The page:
Broccoli City Wants to Make the Environment Cool Again - NBC4 Washington
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Broccoli City Wants to Make the Environment Cool Again

Broccoli City is known for its music fest, but the group's main mission is community outreach to tackle environmental issues

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    Broccoli City Wants to Make the Environment Cool Again

    By developing community gardens and a volunteering app, the founders of the Broccoli City music festival are pushing the culture towards "tipping points" that make taking care of the Earth important for every generation. (Published Monday, April 22, 2019)

    You might recognize the name Broccoli City as an annual music and culture festival popular in D.C. for its incredible lineup. But you might not know that the festival's main mission is driving millennials to tackle environmental issues.

    Broccoli City isn't just about the festival. Co-founder Darryl Perkins has also developed an app called CHIP-N, which encourages people to volunteer for local environmental outreach programs and earn points toward gift cards and music festival tickets.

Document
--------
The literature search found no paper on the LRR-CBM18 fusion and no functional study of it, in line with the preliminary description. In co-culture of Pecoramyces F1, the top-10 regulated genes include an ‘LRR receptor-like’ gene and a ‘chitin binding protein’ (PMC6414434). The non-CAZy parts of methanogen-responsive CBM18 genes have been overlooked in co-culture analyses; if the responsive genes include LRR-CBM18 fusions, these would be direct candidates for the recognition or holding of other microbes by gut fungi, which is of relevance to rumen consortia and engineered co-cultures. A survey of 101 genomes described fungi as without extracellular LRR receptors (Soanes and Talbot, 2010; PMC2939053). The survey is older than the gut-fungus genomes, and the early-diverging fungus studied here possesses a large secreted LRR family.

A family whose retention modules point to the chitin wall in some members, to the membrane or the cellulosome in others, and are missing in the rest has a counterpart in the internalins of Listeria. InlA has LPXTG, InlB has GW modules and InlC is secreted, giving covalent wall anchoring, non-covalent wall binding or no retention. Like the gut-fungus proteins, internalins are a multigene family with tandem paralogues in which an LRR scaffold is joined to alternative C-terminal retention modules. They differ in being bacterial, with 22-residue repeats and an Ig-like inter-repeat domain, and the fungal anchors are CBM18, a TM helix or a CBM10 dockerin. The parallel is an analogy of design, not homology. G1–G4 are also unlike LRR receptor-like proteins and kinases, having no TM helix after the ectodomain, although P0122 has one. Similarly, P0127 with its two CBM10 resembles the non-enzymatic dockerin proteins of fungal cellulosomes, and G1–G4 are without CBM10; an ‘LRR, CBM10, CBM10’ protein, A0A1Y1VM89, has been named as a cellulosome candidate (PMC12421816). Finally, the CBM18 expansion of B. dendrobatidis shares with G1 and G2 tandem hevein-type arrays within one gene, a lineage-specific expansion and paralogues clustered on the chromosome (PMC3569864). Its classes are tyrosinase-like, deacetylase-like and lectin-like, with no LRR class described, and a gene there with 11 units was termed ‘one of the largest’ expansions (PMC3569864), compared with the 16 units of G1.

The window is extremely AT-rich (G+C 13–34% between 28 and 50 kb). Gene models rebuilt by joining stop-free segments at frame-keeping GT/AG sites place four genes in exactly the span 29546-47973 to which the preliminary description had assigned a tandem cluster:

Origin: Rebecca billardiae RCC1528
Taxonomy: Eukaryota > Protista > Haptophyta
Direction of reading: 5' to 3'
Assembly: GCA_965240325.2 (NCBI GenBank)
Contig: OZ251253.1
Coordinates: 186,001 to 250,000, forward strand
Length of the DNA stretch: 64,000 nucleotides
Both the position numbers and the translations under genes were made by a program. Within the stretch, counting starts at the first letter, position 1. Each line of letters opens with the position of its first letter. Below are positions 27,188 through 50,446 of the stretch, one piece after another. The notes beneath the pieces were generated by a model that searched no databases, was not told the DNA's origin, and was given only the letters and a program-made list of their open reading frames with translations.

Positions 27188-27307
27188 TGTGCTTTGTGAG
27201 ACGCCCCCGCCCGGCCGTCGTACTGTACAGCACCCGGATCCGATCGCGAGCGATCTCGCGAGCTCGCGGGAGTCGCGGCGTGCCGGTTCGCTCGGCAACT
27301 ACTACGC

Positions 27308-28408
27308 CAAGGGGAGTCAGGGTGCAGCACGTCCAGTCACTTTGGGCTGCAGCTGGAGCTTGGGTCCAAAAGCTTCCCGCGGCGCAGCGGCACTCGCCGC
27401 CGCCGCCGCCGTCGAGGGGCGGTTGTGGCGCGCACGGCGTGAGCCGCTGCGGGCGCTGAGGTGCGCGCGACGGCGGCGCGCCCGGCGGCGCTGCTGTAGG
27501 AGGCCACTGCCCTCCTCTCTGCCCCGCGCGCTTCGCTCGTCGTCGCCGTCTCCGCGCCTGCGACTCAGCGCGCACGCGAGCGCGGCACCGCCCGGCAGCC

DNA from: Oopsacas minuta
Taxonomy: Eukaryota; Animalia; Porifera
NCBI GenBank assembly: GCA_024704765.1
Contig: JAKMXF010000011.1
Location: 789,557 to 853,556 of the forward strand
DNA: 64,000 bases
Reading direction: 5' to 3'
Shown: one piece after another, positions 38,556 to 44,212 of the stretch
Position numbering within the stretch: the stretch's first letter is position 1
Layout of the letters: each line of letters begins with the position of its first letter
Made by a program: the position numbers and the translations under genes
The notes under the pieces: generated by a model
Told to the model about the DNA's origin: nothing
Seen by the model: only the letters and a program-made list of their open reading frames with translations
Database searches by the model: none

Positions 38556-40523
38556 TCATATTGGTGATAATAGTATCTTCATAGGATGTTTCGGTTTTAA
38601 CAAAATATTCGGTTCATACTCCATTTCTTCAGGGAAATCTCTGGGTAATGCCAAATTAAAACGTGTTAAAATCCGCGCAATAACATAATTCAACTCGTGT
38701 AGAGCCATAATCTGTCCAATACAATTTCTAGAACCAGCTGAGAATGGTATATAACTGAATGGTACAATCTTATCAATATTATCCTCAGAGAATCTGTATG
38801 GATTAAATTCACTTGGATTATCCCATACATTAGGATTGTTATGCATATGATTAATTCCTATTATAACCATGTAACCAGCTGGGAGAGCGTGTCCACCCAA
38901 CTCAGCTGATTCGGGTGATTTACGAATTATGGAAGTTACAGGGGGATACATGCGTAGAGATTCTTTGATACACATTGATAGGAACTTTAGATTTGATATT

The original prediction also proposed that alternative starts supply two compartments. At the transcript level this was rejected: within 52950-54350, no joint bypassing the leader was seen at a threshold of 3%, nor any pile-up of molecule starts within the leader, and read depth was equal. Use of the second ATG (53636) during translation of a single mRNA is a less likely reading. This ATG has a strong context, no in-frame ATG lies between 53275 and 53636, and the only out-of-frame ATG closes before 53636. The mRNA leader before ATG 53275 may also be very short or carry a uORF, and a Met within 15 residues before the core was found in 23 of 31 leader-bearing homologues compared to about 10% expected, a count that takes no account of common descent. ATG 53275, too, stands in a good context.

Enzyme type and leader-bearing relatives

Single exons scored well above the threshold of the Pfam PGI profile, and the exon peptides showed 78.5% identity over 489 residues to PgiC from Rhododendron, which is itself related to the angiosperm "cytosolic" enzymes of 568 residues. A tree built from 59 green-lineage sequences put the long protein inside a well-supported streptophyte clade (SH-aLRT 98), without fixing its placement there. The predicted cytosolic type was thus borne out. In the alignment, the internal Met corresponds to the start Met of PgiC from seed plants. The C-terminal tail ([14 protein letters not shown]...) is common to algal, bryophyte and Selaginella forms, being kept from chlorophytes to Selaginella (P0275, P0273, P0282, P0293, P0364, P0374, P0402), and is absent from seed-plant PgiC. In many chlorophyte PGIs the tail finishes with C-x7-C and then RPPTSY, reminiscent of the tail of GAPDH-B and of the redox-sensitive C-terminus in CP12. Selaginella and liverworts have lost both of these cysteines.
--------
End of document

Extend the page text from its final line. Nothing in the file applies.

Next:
The app's purpose aligns with the festival's: "getting youth active, getting their hands dirty," Perkins said, in hopes of making them care more about the environment.

    As part of the festival's mission, the organizers also partner with Green Scheme, an organization designed to provide environmental education to urban populations. Green Scheme brings children to "learning gardens" to teach them gardening techniques, the business of food production and the impact of food on health.

    "You can't make a mistake in this garden," said Ronnie Webb, founder and executive director of Green Scheme. "We don't get mad if a kid plants the cabbage too close to the lettuce. As long as you see it develop you can make a more informed decision about what you eat."

    Part of Broccoli City's mission statement is to promote environmental sustainability and renewable energy, but their ideas to help slow the impact of climate change don't stop there.

    "One of the big things we can do to help the planet is to go a day without meat ... or maybe even [just] a meal without meat," Perkins said. "It's something small, but if enough people do it, it makes a huge difference."

    The organizers know that it will to take much more than themselves to see real environmental impact, so they're trying to mobilize millennials in particular to make changes for future generations.

    "We're all looking forward to the future and taking care of our kids, our kids' kids, and we have to take care of our little blue planet but it starts with us," Perkins said.

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